Next Day. Sunday.
We kept this day to go the one of most attractive place at Nairobi – the Nairobi National Park (http://www.kws.org/parks/parks_reserves/NANP.html) . But the morning didn’t greet us very promisingly. It was raining furiously. We had our driver arrived and ready to move sharp at 9 as promised. But we were initially jittery looking at the climate.
But our driver Nickson kept on assuring us that the rains here in Nairobi are not very long lasting – it starts all of a sudden, and it ends all of sudden as well; and within a couple of kilometers the weather differs a lot. We started off in full rain trusting his aplomb.
The driver, Nickson, soon became a friend of us. He was the same person who took us from the airport. He was from a village almost 200 kms from Nairobi, and after listening to my interests, he quickly agreed to take us to his native village for a day or two. Unfortunately I couldn’t manage to go there this time.
There is a brief formality you have to follow while entering the national park – you need to purchase the Safari card from the main office. Foreign nationals need to carry their passports, nothing for locals though. The entry fee is 50USD per head for foreign nationals. For local people it is 500 shillings. If you want to take our car inside the park then it is another 300 shillings.
But of course you will have to take your vehicle inside. Because the place is huge and as you can very well imagine cycling or biking inside is not possible. The lions might get some easy breakfast if you do so. And, again, do negotiate about the taxi fare for this trip. You would need a full day if you want to cover the entire park, and you will always be in your car and moving. You don’t need an advanced 4X4 drive for this park (contrary to Masai mara, where you must have a 4X4); but a SUV is probably advisable than a sedan. Ours was not an SUV, thus faced some difficulties in certain areas.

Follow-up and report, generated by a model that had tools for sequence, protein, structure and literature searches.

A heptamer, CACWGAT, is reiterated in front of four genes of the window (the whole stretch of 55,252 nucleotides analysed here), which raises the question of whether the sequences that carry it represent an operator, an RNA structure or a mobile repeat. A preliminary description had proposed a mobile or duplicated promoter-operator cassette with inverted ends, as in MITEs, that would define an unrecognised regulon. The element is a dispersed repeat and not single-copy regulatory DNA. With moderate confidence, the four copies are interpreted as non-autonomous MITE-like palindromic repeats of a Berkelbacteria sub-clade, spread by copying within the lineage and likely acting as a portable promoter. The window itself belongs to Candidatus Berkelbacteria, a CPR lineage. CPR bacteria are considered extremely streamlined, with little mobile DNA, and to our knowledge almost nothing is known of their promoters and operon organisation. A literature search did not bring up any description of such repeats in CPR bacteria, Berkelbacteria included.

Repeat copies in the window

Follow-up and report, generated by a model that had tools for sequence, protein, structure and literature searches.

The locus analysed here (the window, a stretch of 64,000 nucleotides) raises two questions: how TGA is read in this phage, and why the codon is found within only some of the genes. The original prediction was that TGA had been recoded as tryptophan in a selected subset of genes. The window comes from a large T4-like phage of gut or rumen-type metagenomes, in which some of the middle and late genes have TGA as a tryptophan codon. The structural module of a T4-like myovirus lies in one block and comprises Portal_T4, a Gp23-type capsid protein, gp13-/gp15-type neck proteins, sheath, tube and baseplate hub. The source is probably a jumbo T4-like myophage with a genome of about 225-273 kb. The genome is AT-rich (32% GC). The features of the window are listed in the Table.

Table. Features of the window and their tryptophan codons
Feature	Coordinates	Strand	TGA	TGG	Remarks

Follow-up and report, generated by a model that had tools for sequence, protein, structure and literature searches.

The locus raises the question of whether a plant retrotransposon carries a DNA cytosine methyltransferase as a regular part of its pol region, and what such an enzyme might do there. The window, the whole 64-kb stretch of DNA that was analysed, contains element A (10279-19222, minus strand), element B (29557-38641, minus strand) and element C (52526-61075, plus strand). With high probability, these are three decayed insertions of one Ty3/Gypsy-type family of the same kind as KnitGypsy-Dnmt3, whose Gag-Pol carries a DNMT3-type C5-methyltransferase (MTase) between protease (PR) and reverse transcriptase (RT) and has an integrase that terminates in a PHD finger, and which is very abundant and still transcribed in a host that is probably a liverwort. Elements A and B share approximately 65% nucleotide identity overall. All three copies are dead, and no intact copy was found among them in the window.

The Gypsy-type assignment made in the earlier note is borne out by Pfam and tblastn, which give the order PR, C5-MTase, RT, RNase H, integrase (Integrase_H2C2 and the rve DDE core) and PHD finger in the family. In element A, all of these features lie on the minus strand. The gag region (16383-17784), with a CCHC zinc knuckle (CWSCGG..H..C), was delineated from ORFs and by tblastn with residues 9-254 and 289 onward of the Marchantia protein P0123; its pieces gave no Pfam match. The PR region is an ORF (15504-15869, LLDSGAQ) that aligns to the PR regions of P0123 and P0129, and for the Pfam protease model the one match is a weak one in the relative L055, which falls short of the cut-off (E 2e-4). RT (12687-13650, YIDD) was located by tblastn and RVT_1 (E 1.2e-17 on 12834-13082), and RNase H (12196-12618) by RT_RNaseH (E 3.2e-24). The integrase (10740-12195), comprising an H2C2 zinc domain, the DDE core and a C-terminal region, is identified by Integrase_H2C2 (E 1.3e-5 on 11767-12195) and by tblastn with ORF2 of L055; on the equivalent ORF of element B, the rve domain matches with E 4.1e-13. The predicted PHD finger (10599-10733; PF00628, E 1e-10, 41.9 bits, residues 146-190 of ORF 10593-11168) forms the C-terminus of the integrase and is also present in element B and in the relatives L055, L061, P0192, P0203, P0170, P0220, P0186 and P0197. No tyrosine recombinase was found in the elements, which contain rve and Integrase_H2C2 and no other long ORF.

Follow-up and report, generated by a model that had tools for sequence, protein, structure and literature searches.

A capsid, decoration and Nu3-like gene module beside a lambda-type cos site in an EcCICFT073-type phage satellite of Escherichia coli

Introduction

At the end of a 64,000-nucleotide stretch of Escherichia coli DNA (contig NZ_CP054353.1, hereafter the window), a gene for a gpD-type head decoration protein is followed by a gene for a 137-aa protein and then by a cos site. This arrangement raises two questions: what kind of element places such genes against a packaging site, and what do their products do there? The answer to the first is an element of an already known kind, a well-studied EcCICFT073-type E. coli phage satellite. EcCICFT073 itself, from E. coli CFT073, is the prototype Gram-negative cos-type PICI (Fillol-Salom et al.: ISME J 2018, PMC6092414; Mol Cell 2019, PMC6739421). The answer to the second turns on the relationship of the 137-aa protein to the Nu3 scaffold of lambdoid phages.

It was still raining when we reached there, but thankfully, by the time the formalities are over the weather God smiled at us. The park is not a place of very dense jungle. Long vast of open grass fields with infrequent clusters of bushes encapsulate the whole vicinity. It was around 11AM we entered the place.
The park is built for people like us who cannot go to Masai Mara or Amboseli or to similar places. It is a small snapshot or trailer of what you could get in those places. This park is the only national park which is built inside or very nearby a metro city. It is home for black rhino, lion, leopard, cheetah, hyena, buffaloes, giraffe, zebra, wildebeest, elands and diverse birdlife with over 400 species. Black rhinos are special attractions, they are declared as endangered species.
As soon as you enter the park, you enter into an altogether different world. Nairobi skylines are visible from a distance (the national park is about 7 kms from the city centre), no sound of any mechanical human devices, you surrender yourself to the inviting nature.
There is a brief animal orphanage centre nearby the main entrance of the park. We didn’t enter there at that time with a plan of visiting there at the time of return. Unfortunately during return we couldn’t managed to go there, so advice travellers to keep that in mind, I believe the orphanage is also a corner worth to visit there.
We strolled a lot by the roads and lanes planted between the trees and bushes. The park is quite large in size, and you need to remember the path you came from, or at least the junction numbers. It is not that you will be lost in the wild; they have marked each junction very carefully and with loads of information.
Our inexperience about the place soon was evident when even after roaming for almost an hour we could not find even a single animal. Soon we reached at the place where the forest ranger lives. He is Philip, he enlightened us “lions and leopards are most visible during early morning, some others are noticeable during afternoon time also”. So we realized we have just missed the morning show.